If you can possibly avoid the “email as notification engine” trap, all the better. It increases the complexity of initial launch, but reduces down the chance of tissue rejection by the majority because of falling into the parallel running trap.
If you are looking to deliver change across more than one organisation, prepare yourself for the Dance of the InfoSecs. I never fail to be amazed by the complexity of getting more than one organisation to be able to access to the same online resources. If the service that you are looking to use is in any way above the radar in terms of it being in the public eye, you can guarantee that firewalls in many organisations have been set to stun. In recent experiences in the public sector you can also see organisations that run on an Internet white list principle (only allowing staff to access resources on the Internet that have been officially sanctioned). Sometimes encouraging people to use personal devices for work is the only guerilla tactic that can work in timeframes that aren’t geological. It’s no wonder email is so pervasive…
2. Dealing with ease of use
The reason is because even the easiest tool in the world is harder to use than something that is new at first. It takes a bit of time and effort to build competence in the new way of working, and so that needs to be factored into any change initiative.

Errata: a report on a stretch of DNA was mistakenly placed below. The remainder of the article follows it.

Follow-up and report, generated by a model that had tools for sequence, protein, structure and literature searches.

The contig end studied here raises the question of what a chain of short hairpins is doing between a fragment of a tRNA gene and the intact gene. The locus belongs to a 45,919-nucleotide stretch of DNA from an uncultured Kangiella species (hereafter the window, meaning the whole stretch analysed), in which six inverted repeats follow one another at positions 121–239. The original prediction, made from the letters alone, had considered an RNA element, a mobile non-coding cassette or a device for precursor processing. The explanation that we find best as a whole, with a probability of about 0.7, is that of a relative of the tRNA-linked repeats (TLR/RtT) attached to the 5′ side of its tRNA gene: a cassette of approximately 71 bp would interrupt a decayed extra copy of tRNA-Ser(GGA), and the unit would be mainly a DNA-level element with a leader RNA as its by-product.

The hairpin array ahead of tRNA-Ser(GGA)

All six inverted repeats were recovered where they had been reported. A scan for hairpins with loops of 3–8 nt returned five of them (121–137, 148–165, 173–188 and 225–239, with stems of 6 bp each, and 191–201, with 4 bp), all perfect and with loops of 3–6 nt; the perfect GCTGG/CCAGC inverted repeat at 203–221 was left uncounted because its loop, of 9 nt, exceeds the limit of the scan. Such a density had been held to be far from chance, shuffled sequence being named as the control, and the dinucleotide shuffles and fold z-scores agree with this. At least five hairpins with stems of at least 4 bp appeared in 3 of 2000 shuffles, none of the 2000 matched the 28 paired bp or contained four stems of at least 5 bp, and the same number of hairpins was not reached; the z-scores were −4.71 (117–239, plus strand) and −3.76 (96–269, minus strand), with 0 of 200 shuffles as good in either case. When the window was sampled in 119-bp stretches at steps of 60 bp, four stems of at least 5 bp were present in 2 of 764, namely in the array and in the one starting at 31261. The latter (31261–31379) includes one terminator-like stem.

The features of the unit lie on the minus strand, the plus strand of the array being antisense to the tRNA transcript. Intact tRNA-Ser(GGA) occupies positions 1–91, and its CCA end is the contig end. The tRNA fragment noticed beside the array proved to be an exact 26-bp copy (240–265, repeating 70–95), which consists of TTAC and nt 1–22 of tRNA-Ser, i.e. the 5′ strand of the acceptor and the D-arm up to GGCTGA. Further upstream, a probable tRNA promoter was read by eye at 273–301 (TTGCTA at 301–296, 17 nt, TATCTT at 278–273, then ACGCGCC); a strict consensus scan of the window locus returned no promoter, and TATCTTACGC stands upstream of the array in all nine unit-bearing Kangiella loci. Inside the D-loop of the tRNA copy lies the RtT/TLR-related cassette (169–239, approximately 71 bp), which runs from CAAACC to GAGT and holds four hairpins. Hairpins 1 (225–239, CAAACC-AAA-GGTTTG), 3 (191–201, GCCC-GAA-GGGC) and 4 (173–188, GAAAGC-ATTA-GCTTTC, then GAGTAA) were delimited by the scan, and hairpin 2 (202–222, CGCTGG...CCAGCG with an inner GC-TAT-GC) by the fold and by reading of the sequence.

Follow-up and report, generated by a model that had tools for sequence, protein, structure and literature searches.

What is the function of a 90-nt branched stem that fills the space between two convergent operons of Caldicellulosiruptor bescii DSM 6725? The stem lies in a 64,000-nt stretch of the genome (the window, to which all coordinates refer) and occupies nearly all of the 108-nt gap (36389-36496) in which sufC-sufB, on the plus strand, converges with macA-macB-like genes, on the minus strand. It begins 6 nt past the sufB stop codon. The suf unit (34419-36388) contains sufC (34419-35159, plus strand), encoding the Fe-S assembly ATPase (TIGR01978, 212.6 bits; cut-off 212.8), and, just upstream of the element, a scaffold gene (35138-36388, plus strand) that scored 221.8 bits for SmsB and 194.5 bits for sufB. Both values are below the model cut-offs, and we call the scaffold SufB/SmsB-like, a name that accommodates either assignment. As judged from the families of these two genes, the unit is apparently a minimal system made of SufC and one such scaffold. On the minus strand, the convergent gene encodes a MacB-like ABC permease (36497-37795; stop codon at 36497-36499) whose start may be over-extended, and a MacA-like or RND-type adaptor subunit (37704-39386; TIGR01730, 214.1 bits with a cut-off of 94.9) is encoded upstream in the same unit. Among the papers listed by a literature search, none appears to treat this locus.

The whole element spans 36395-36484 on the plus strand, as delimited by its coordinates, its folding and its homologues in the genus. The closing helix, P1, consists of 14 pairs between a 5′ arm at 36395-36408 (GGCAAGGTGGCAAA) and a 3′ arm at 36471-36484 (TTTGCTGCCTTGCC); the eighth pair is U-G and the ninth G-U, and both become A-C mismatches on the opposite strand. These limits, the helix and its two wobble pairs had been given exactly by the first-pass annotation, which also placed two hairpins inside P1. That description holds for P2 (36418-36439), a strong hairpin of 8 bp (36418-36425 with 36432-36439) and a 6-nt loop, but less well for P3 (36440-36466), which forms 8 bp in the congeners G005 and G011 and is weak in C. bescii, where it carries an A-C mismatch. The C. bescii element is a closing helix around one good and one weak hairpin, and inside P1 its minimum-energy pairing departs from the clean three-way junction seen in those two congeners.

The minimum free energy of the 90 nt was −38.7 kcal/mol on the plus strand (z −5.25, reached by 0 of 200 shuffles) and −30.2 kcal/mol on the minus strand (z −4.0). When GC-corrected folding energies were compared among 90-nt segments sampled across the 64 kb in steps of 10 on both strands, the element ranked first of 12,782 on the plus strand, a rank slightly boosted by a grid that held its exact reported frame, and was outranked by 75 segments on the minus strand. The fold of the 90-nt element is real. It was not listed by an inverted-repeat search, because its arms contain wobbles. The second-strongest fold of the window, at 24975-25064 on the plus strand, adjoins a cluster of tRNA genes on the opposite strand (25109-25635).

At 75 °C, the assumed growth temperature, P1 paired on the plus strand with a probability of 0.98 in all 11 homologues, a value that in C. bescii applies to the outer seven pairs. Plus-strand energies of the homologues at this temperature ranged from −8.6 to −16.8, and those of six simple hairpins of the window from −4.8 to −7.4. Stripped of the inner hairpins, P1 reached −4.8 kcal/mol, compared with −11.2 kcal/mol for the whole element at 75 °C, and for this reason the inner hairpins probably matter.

Increasingly services are building in elements of gamification to help this processes, rewarding people building up their online profiles and so on. The extent to which that will be impactful will vary by organisation and context.
The other thing to keep in mind is that email as a service offers a fairly high level of control over a fairly simple service to the end user. Replacing email with something terribly complicated isn’t going to be an easy task – likewise replacing it with something that removes control from the end user is going to be challenging. Therein lies the problem that has haunted so many Sharepoint implementations over the years…
3. Dealing with security